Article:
Why do Filipinos continue to support Duterte?
FROM A DISTANCE - Carmen N. Pedrosa (The Philippine Star) - December 1, 2019 - 12:00am

The question was addressed by Quora, a website for debate. It was an appropriate question to Filipinos, both to those who actively campaigned for him and those who sided with the Liberal party’s candidate Mar Roxas who was roundly defeated.

The score: Rodrigo Duterte PDP-Laban 15,970,01838. (6%) Manuel Roxas Liberal Party 9,700,38223. (4%).

The International Liberal Party helped local Liberals in the elections through two scenarios – the first was by shifting its support for Mar Roxas an oligarch to Benigno Noynoy Aquino III.

The second scenario was to resurrect the memory of EDSA revolution using his mother’s death. Cory Aquino was used to arouse the support of the electorate. It did succeed because it addressed the nechromantic tendency of most Filipinos. Kawawa naman, namatayan ng ina. This was also the voters support that made Cory Aquino. Kawawa naman si Cory namatayan ng asawa.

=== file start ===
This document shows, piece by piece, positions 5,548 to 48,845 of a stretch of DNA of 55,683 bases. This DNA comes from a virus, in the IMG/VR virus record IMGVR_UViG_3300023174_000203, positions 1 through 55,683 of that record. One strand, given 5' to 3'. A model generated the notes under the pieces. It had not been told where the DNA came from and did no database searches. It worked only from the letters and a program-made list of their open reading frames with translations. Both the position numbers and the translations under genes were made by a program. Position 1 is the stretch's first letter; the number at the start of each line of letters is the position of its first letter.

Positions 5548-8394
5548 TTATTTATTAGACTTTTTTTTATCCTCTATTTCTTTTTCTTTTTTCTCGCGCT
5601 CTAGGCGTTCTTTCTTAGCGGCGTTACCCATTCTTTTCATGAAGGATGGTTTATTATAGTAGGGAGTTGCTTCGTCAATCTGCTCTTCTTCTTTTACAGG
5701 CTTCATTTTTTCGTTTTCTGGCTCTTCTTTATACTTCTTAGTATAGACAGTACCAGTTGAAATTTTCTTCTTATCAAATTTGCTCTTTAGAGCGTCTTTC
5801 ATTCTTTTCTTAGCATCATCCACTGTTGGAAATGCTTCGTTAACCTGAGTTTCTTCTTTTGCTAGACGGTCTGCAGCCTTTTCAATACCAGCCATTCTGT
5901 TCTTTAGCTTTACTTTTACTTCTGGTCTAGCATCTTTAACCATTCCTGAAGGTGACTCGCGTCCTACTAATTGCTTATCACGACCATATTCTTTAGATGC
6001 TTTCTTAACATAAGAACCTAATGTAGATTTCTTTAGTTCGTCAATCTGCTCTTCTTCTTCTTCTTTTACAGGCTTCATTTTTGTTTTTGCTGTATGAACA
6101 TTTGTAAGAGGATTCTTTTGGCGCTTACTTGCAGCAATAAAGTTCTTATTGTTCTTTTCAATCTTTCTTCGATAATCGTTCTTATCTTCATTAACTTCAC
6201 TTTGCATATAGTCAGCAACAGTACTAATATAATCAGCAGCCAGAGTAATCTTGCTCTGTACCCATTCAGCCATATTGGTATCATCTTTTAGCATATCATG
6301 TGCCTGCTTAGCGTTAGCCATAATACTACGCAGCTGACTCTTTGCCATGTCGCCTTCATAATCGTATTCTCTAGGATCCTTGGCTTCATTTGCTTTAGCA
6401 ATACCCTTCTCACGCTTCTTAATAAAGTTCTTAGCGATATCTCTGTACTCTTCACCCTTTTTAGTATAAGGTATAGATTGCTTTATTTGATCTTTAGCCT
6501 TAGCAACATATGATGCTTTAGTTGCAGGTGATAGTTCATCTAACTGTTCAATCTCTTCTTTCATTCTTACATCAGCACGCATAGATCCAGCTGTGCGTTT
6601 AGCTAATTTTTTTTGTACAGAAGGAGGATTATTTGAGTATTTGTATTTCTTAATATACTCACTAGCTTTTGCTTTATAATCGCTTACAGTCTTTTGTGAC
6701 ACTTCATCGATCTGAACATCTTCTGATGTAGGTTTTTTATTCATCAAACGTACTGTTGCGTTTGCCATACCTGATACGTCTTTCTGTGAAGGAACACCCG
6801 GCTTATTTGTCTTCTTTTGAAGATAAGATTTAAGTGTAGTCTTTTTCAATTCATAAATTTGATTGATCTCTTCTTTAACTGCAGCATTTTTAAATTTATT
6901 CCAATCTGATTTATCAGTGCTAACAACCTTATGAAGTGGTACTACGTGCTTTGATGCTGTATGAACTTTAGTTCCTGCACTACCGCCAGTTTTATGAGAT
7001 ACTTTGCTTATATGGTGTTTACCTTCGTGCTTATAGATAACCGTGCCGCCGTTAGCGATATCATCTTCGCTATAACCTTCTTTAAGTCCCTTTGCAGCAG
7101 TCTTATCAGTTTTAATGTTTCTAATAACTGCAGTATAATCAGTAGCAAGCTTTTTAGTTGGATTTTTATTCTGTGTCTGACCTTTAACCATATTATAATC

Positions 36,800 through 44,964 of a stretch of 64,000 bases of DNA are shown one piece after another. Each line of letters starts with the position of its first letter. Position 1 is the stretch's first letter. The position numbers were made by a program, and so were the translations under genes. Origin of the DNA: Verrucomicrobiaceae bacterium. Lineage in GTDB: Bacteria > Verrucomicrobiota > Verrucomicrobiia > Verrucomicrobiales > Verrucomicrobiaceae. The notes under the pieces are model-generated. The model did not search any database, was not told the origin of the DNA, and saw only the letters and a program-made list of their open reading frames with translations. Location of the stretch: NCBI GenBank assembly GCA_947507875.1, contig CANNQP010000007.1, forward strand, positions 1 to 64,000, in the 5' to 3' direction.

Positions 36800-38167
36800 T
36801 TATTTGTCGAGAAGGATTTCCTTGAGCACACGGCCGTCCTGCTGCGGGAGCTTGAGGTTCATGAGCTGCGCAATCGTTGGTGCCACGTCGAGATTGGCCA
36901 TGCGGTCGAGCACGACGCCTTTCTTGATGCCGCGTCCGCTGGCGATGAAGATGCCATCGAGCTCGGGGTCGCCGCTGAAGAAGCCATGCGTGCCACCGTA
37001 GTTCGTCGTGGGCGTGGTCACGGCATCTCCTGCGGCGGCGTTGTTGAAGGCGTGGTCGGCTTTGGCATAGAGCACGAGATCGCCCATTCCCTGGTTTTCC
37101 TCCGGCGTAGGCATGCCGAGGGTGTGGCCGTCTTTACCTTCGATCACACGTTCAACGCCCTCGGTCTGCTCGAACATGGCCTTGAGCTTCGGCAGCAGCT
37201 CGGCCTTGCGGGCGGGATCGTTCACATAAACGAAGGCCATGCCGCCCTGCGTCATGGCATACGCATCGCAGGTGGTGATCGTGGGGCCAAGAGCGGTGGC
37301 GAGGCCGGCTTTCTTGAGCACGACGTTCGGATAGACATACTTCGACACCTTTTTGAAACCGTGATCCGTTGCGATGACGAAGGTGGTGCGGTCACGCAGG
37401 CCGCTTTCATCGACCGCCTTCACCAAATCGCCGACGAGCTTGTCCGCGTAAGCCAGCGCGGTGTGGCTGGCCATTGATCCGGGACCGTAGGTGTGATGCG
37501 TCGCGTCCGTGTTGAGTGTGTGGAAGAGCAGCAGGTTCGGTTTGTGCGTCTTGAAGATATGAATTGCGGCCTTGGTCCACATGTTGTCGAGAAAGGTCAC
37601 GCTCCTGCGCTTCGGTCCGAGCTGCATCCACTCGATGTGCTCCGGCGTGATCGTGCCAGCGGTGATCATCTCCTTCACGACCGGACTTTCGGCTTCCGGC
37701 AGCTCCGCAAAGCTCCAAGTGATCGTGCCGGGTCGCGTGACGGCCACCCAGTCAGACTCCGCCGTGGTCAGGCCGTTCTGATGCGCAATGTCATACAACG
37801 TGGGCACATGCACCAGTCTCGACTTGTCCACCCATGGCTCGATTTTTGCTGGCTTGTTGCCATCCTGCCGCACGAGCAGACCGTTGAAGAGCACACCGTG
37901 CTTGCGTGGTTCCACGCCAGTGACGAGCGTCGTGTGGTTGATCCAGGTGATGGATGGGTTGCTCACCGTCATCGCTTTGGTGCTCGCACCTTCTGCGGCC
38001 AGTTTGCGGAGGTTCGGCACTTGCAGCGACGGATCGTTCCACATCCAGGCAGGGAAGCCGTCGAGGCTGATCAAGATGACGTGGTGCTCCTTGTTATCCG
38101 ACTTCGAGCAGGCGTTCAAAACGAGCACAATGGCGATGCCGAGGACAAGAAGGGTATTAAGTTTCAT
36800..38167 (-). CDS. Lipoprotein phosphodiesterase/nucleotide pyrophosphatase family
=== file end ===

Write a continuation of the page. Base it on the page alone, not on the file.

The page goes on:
Roxas was promised the presidential candidacy next time with the oligarchy and help of foreign supporters who put him up as their candidate in 2016 with a campaign that dressed up Mar Roxas as a poor man. This terrible error became the butt of jokes. Did they expect Filipinos to believe Mar Roxas driving a tricycle? They forgot that it would never work because tricycle drivers would not be wearing Gucci or Hamilton shoes. Another laughable image was the well-dressed Roxas carrying sacks of rice as a poor kargador.

I wrote in April 10 in the Philippine STAR newspaper which discussed it. (Pedrosa has been a journalist since 1963 and is a high profile Duterte supporter (Bloomberg, 2016; Pedrosa, 2016). In her column she described speaking to individuals who attended the event held in the overwhelmingly upper and middle-class area of Alabang included supporters from nearby squatter camps.

Filipinos were maturing politically and they understood the message of Duterte’s campaign. It was time to stop the oligarchs’ hold on government.